iPhone 5 – Any Good For Retailers?
After looking over the Apple iPhone announcement I found myself, well quite underwhelmed. Oh my analyst friends that are photography buffs were drooling over the new low-light camera. And certainly the availability of 4G LTE available worldwide is a huge drawing card for the hoards of iPhone 3s, 4, and 4s owners that have jealously watched their Android brethren race through the internet. But Apple now seems to be playing catch-up for the first time to Android, rather than leading the way. And nothing, other than the camera design seemed to be earth shattering.
But with all this excitement, a question for all of us that begs to be asked and answered is the following. Does this help or hurt retailers? The answer? Neither.
What was glaringly missing in today’s announcement was any mention of an NFC chip for payment. While I would agree this technology overall is still a tremendous work in progress, Apple had the opportunity to truly lead this category with 435 Million iTunes accounts now activated and with the potential to tie payment at retail to those accounts. What’s more, the penetration of NFC reading card stations at POS is now rather ubiquitous in multi-lane retail. We can argue all day if they really work reliably, but thats an argument for another day. No NFC for iPhone 5.
What also was missing was use of any biometrics for authentication. Certainly this goes hand in hand (pun intended) with the missing NFC chip, but the opportunity to lead was missed. This is not a big deal, but one of the things that always must be considered with the adoption of any payment technology in retail is whether or not it speeds the transaction process or slows it down. The consumer’s portion of payment is the slowest part of the transaction. Biometrics is the only way that I see of speeding that payment to a level similar to a swipe card while providing a more secure payment environment at the same time. Apple has the ability to push this industry single-handedly, but chose not to do so at this time.
What they did release was the Passbook application, which is really cool to be honest for those of us who travel a lot. I love the format and display. If you are not familiar, Passbook allows you to enter your loyalty cards and boarding passes for any retailer into the Passbook application. Instead of carrying the cards, they are always at your fingertips by presenting a bar code on the phone screen to the scanner. I can see my wife ditching the myriad of loyalty cards and other cards that are stuffing her wallet. There are only three problems with that when it comes to practical reality for retail.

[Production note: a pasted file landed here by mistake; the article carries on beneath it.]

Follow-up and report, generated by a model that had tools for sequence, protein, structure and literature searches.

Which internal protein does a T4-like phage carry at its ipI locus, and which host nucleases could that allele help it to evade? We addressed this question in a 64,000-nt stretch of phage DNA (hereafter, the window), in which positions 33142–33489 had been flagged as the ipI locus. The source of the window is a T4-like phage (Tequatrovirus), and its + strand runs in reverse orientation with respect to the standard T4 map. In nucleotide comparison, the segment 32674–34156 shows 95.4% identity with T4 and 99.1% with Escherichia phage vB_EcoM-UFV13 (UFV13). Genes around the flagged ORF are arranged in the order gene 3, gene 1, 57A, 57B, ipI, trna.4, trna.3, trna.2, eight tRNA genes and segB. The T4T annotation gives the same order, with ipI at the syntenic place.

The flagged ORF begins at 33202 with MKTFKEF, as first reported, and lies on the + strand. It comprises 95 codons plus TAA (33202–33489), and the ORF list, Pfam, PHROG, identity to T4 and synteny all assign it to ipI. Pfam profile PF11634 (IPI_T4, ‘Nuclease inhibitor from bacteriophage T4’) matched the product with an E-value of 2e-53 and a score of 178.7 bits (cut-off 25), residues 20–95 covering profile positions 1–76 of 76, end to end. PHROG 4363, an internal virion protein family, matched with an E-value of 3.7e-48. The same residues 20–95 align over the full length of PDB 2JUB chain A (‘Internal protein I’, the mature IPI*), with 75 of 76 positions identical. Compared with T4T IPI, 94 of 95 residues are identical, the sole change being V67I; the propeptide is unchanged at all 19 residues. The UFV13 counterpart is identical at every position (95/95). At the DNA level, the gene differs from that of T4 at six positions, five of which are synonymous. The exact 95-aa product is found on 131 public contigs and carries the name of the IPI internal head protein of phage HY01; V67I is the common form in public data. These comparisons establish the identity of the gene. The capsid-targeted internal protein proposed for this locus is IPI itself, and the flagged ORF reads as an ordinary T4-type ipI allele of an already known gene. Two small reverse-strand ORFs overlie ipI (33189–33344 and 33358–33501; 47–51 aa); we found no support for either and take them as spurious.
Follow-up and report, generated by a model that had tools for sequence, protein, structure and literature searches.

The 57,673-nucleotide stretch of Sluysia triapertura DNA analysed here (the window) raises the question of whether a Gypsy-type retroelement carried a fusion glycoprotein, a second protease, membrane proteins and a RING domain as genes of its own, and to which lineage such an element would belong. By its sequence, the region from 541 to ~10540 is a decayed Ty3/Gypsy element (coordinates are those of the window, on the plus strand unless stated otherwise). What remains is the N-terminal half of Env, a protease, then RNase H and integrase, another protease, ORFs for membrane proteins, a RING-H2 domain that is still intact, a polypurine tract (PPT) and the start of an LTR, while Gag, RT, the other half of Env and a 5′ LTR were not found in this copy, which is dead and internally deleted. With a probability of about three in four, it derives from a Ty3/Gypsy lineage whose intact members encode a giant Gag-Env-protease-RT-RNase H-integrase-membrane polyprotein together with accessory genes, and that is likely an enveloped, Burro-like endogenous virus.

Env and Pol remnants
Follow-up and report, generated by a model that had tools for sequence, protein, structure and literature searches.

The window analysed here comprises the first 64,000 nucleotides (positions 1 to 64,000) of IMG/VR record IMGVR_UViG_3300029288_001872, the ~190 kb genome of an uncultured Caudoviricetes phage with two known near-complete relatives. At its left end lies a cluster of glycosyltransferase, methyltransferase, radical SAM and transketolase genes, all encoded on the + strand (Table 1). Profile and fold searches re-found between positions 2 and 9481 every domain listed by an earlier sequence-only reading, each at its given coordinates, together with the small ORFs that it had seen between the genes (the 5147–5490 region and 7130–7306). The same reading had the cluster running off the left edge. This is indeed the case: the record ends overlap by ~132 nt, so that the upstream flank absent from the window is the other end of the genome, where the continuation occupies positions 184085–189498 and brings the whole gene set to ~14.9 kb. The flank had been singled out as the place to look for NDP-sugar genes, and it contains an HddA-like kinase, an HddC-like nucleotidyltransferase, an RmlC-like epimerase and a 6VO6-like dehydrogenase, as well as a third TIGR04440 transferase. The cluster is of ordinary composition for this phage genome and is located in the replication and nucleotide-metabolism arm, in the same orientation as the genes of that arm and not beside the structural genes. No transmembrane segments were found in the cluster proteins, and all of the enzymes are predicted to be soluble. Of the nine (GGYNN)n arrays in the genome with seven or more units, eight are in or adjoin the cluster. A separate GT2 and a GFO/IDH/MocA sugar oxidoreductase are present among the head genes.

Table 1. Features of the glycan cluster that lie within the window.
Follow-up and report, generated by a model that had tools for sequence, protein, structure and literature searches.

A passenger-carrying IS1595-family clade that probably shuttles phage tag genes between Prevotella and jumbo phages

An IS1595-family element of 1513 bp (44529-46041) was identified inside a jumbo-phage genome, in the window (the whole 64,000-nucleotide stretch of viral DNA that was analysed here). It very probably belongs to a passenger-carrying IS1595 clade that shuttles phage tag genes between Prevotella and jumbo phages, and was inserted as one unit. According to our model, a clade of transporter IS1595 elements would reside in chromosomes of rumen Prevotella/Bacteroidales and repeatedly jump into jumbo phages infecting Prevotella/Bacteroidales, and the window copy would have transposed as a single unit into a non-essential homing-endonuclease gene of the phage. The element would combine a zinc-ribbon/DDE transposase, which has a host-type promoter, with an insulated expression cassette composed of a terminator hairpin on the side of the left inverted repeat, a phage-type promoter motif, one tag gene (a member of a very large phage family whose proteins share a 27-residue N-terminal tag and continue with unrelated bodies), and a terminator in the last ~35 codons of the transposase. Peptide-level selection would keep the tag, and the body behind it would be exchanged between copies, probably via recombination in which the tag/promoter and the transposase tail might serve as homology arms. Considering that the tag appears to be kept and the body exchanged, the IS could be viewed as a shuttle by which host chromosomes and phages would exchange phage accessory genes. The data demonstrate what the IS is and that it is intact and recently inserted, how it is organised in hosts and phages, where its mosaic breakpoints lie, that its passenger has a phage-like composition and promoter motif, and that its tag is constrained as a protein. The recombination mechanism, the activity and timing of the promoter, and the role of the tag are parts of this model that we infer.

First, about half of those cards are for restaurants and other locations that don’t currently use scanners. So they will need to purchase scanners pretty quickly if they want to have all those iPhone users bringing their loyalty cards or is it faster to look up by phone number anyway ;-)?
Second, every scanner that is installed will need to have the ability to read an optical barcode. This is not the same technology as simply using a line scanner. We roughly estimate less than half of scanners installed today can do that.
And finally, in most cases consumers will need to hand over their bright, shiny, cherished iPhone 5 to some cashier to present to the scanner whenever they go into an establishment that even has the scanner. That’s a lot of hand sanitizer and screen wipes if you ask me.
So it should be a good year for scanner sales and the company that makes those sanitary wipes, but for practical retail use the iPhone 5 seems to fall flat.
As for that camera? Well it will make showrooming easier or make it easier for customers to show off their Tebowing, Planking or Eastwooding in your aisles. Improved customer experience, right? Its all about the customer experience.